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Say the name “John Lackey” to Red Sox fans two years ago and you would have gotten something along the lines of an eye roll, a head shake, or a disapproving grunt. Say the name “John Lackey” to a Red Sox fan this morning, and you will get something completely different.
Not even a power outage at Comerica Park in the 2nd inning could slow down two pitchers determined to give their best performance when their team needed them most. Heading into Tuesday night, if you had told me Lackey would outduel Justin Verlander, the 2011 AL Cy Young and MVP winner, in Detroit, against one of the most dangerous lineups in baseball, I would have told the bartender to cut you off. I will be the first to admit I gave the Sox a slim-to-none chance of winning this game, which is why I thought it was crucial they take at least one game, possibly two in Boston. I thoroughly enjoyed being wrong there.
Ever since he arrived to Boston, Lackey has been somewhat of a sore subject. His 5-year, $82.5 million contract given to him by Theo Eptein in December 2009 seemed like a good idea for a solid 15 seconds. That’s when issues started to arise in Boston, and it was ever so easy to crown Lackey as the scapegoat. Signing him was the turning point when the Red Sox went from developing solid farm players to throwing money at big-name free agents, boosting interest and TV ratings (see: Adrian Gonzalez, Carl Crawford). His numbers didn’t gave him any help, posting a .500 winning percentage, 4.67 ERA in three full seasons. When the Red Sox were at their worst, so was Lackey. After a 6.41 ERA campaign in 2011, the worst by any starting pitcher in team history, the Red Sox went on an epic collapse to finish the season fueled by chicken and beer. Yes, we all remember that, and Lackey was in front of it all. To top it off, he underwent Tommy John surgery and missed the entire 2012 campaign, which came as a relief to fans, but not to the salary cap.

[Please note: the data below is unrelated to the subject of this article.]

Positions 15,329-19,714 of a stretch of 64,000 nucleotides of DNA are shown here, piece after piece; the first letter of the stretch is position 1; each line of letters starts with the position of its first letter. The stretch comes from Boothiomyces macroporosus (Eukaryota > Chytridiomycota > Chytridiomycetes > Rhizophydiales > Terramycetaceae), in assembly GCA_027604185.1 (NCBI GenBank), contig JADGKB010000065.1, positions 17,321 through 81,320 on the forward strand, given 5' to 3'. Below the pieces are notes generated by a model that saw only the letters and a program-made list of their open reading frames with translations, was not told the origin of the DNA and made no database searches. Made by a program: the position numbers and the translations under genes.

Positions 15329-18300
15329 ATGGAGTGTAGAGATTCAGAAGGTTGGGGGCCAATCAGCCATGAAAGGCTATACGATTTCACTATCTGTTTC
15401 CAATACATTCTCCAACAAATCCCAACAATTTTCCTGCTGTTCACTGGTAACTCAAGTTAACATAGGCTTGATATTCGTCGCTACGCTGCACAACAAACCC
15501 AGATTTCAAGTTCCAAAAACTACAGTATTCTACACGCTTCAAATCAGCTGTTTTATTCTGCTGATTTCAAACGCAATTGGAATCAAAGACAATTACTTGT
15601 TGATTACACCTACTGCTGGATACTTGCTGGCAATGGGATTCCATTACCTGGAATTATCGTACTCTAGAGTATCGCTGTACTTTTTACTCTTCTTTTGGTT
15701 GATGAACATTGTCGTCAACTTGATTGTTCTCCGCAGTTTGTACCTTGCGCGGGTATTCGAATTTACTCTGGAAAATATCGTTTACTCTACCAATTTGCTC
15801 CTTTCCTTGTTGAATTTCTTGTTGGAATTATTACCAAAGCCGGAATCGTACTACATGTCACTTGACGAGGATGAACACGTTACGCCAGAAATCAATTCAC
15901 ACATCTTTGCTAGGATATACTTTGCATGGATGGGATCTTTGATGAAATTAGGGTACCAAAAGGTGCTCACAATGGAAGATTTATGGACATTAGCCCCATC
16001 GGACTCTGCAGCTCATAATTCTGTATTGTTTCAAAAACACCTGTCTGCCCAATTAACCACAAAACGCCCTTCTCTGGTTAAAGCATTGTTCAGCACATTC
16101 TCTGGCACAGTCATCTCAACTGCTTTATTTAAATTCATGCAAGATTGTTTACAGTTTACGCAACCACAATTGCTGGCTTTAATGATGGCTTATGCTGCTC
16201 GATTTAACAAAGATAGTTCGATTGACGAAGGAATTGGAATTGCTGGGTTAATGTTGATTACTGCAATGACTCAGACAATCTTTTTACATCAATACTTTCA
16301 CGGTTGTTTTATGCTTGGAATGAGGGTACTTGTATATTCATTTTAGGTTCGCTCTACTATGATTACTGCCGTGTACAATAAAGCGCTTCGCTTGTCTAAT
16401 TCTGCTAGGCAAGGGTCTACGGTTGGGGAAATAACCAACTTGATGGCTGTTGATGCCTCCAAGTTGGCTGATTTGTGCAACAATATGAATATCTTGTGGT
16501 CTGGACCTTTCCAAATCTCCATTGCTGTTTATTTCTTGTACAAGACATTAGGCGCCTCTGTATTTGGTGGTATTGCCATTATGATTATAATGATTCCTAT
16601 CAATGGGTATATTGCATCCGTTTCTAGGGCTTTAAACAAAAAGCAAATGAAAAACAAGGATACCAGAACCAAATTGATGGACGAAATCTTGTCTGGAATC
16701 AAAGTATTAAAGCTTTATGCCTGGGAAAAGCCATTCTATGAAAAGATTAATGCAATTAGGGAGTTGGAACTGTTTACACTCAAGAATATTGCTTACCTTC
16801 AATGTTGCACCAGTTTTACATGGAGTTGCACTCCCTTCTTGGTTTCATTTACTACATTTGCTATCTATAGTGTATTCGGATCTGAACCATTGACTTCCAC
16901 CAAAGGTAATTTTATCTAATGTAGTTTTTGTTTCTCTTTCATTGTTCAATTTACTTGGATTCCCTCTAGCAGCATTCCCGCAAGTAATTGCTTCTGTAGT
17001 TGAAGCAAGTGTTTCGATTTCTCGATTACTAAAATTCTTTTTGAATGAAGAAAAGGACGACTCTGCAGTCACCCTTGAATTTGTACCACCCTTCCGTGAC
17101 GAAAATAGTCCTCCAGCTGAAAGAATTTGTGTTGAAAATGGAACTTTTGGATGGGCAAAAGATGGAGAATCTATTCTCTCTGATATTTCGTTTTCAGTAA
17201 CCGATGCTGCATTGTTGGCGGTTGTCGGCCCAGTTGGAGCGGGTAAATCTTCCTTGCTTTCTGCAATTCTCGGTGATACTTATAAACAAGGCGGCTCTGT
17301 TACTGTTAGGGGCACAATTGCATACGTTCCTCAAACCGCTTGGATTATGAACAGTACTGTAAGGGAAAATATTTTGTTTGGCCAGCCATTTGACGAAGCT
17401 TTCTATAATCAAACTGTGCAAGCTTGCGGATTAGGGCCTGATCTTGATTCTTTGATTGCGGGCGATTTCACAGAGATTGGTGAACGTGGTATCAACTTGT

All of that was forgotten with one outing on Tuesday afternoon, where Lackey took on one of the most dominant pitchers in the game head on. He threw 6 2/3 of shutout ball, allowing just four hits and striking out eight before being pulled against his will. Boston’s bullpen came in and did what they’ve done all post-season, Mike Napoli took advantage of a rare Verlander mistake, and the Red Sox now have a 2-1 series lead over Detroit.
While some may say the outing as a fluke, others may not be so pessimistic. With the taste of 2011 still fresh on people’s minds, combined with the dominance of the Red Sox lineup this season, Lackey’s success in 2013 went generally unnoticed. After a full year off, he rebounded with a 3.52 ERA season, his lowest since 2007. His 1.15 WHIP lowest in his career. He’s now 2-0 in the post-season with a 3.00 ERA, coming off maybe one of the best pitching performances in his career.
Believe me, I was all aboard the John Lackey Hater Train in 2010 and 2011. I think I speak for most Red Sox fans when I say we would have been much better not signing him in the first place. But he’s our guy now, and with all the negative behind, the pressure finally subsiding, we’re finally starting to see glimpses of his Angels days that awarded him that huge contract. The past will always be the past, but it’s behind us for a reason. Winning helps us forgive and forget, and that’s what John Lackey intends to do.
Well, the season is over. It’s been over for a while, but it’s officially over now. There are plenty of topics to get to when looking at what went wrong, but I just wanted to touch on a few late-season headlines.